in this event in 1995. This tends to indicate that I am about the same
strength as I was then which is no surprise as I have played almost
none at all in the intervening 16 years.

The real issue is that they allowed a Chinese person to win the World
Championship for non-Chinese. The $4500 first prize was won by a
player who was born in China, lives in Hong Kong, speaks Cantonese,
has a Chinese mother but a Dutch father so he is considered non-
Chinese. He also won the World Championship for non-Chinese in 2009.
He has won several other "non-Chinese" prizes as well. Allowing such a
person to continue to win these "non-Chinese" championships will
discourage those of us who really are not Chinese from competing.

Sam Sloan
Jürgen R.
2011-11-26 08:09:36 UTC
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Post by samsloan
The Chinese Chess World Championship is a tough event, I played in the
2005 and 2007 editions. Congrats on winning the first two games, Sam,
but they were not against Chinese players (both were entered in the
non-Chinese section and finished 45th and 64th respectively out of 68).
You then lost the next 6 rounds and finally picked up a 3rd point in the
last round.
Its good to promote the event and Chinese Chess, and while 3 points is a
decent result, this post must be partially self-serving :o)
Congratulations to Jiang Chuan for winning the World Championship and to
Kon Island for (once again) winning the non-Chinese title. Full results
http://tinyurl.com/bvm9mwh
There are some games to play through, but no PGN download as far as I
can see.
Alain
--
abdekker
The truth came out in subsequent rounds. My second round opponent was
Chinese from Burma, but he was one of the weakest players in the event
and had won his first round game by having an even weaker opponent.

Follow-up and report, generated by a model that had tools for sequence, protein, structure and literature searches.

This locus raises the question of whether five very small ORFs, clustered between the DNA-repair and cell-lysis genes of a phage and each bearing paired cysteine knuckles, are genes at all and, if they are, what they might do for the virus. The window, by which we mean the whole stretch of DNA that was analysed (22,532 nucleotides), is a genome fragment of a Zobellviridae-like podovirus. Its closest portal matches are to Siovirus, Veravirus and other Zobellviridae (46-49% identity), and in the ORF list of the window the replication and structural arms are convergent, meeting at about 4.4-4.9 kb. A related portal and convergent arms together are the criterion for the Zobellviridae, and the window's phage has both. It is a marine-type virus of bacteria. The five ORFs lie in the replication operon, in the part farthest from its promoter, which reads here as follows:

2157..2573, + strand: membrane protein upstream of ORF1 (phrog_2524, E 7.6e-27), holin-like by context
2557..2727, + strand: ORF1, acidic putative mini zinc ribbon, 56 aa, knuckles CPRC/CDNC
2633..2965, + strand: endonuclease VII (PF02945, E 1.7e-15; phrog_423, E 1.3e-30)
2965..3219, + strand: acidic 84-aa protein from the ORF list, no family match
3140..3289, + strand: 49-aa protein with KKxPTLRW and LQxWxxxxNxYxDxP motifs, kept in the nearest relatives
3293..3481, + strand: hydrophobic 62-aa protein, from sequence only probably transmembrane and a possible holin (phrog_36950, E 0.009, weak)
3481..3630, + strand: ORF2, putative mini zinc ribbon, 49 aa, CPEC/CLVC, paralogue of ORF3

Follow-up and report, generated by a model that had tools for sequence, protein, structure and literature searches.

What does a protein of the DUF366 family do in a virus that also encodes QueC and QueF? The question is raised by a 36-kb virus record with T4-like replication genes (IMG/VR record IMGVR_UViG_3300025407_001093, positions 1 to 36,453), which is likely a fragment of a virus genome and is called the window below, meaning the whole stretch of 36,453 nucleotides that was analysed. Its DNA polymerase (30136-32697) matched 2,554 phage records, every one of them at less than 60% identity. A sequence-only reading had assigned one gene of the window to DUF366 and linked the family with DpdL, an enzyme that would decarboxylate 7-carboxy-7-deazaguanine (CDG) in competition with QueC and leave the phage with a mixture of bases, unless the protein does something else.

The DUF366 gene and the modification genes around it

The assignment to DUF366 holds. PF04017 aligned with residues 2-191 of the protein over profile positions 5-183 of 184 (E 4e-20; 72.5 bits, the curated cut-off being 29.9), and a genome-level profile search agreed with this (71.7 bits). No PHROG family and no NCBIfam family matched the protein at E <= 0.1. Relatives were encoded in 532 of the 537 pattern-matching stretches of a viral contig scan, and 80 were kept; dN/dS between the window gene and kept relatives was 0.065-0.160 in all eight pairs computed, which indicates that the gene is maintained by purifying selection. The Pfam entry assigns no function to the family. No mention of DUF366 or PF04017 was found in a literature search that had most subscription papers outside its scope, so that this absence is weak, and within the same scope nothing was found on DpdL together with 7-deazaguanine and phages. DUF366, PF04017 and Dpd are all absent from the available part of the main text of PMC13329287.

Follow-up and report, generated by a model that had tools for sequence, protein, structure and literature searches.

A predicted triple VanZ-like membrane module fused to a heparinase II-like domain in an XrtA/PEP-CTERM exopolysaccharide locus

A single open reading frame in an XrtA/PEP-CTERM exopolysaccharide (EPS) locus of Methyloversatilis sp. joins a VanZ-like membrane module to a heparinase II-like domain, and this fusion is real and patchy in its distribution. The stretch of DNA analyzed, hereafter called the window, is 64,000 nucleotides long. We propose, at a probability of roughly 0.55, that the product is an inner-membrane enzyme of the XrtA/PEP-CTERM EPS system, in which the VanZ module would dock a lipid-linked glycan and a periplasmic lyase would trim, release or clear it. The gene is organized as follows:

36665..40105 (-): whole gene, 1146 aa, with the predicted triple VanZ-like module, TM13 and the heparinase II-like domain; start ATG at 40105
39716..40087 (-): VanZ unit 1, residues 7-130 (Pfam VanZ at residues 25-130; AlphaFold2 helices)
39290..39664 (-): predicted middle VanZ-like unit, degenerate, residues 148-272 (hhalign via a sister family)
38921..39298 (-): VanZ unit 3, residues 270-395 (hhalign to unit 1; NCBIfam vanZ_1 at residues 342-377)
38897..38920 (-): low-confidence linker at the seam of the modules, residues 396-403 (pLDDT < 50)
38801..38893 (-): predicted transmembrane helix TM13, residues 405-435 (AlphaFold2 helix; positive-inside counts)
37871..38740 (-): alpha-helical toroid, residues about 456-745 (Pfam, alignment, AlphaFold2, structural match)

So, I took an early lead in the tournament by being the beneficiary of
the lottery pairing system. Pairing numbers were drawn by lot and it
just happened that the number I got gave me opponents I could beat in
the next two rounds.
My final score 3-6 was exactly the same score I got when I last played
in this event in 1995. This tends to indicate that I am about the same
strength as I was then which is no surprise as I have played almost
none at all in the intervening 16 years.
The real issue is that they allowed a Chinese person to win the World
Championship for non-Chinese. The $4500 first prize was won by a
player who was born in China, lives in Hong Kong, speaks Cantonese,
has a Chinese mother but a Dutch father so he is considered non-
Chinese. He also won the World Championship for non-Chinese in 2009.
He has won several other "non-Chinese" prizes as well. Allowing such a
person to continue to win these "non-Chinese" championships will
discourage those of us who really are not Chinese from competing.
Right. Obviously they should introduce an obligatory DNA test for all
entrants to determine whether phenotype coincides with genotype.
Sloan, you are a dung beetle.
Post by samsloan
Sam Sloan
samsloan
2011-11-26 12:37:37 UTC
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It is a valid question as to where they should draw the line. They
have already excluded Vietnamese from winning these prizes for non-
Chinese, even though these Vietnamese insists that they are not
Chinese.

In this case the person really is Chinese even though his father is
Dutch. He is way too strong for us. There is no point in competing if
he is going to be allowed to play.